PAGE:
Once children start reading independently most will visit Enid Blyton. I wouldn’t personally read aloud all her books (!), but it’s nice to read the first in a series, then you can explain words such as ‘sanitorium’, which today’s children may not understand.

Inkheart

The great stories and tremendous subtleties in some older children’s literature can be enjoyed equally by parents and children (eg. Harry Potter, Narnia stories). Inkheart by Cornelia Funke manages to convey beautifully the ‘wise adult’ narrator, and the ability of the author to empathise with childhood feelings within one phrase:
“Sometimes, when you’re so sad you don’t know what to do, it helps to be angry.”

Revisiting the classics with your child at this age is truly rewarding. Many of the titles are fairly inaccessible to a young independent reader due to the old fashioned vocabulary and references, but together they can be digested more easily, examples include Black Beauty, Heidi, The Railway Children. You can read my blog on classics here. Be wary though, some read alouds can result in adults’ tears; I found it very hard to stumble to the end of Charlotte’s Web as I was crying too much!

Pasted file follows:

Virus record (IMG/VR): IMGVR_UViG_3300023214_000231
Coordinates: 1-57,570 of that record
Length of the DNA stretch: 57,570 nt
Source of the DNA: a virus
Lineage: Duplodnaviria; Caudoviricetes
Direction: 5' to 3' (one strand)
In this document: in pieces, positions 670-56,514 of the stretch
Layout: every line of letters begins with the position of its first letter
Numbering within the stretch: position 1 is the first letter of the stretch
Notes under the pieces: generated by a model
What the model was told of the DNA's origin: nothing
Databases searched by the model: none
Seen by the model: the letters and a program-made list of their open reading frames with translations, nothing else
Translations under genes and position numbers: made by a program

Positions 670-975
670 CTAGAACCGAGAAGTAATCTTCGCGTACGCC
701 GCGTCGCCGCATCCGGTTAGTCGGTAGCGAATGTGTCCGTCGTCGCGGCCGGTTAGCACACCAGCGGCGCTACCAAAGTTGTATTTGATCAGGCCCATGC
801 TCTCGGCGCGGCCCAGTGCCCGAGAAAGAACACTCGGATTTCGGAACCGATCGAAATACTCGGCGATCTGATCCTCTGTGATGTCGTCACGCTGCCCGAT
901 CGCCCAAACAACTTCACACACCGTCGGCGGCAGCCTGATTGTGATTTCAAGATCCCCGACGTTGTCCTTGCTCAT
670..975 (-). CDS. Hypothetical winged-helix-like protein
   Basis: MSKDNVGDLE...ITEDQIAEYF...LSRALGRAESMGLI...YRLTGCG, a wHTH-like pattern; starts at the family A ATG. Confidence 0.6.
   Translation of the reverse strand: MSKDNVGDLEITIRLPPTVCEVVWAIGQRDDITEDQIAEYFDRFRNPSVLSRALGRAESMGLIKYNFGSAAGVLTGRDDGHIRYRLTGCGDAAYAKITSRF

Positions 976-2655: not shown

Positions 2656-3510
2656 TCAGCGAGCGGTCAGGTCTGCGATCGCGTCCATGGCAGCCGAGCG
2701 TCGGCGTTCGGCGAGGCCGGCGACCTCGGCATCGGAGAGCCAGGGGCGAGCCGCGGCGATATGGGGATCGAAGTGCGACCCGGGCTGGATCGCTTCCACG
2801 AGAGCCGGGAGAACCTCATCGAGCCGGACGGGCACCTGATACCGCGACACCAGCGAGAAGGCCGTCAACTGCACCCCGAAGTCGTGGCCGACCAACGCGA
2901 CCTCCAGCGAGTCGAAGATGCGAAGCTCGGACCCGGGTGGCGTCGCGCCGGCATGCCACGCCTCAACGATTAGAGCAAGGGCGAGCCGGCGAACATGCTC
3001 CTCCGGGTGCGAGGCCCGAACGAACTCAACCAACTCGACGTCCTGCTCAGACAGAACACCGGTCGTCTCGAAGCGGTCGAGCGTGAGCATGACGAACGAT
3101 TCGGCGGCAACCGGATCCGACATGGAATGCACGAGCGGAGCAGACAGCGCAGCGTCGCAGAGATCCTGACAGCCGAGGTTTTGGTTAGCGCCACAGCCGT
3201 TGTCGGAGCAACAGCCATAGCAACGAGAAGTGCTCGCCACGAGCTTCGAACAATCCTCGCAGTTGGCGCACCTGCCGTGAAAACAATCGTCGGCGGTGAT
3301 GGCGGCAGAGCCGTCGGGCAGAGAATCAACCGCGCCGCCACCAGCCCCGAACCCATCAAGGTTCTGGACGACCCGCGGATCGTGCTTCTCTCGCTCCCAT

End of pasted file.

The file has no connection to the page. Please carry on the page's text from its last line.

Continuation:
Goodnight Mr Tom

A more difficult book is Goodnight Mister Tom by Michelle Magorian. I wholly recommend this as a read aloud text. Whilst many children from age ten should be able to cope well with this book, the issues thrown up deserve some time and discussion. Issues of grief, parental responsibility, displacement and suchlike, need exploring, and it can be hard for children to give voice to the emotions raised by the book. Reading aloud enables the parent to see the child’s reaction at each stage and probe for feelings as you go along. Of course, not every book can be read aloud, but there are arguments for fluent readers to be read to with more difficult texts as they start reading on their own, so that they can see books can be discussed and issues that come up can be raised with their parents. Even some young adult titles deserve reading aloud so that the concepts within can be fully raked over. Examples for me would include Nothing by Janne Teller, Bloodtide by Melvin Burgess, and The Bunker Diary by Kevin Brooks.

Nothing

 

For reference:

Scholastic report
New York Times Article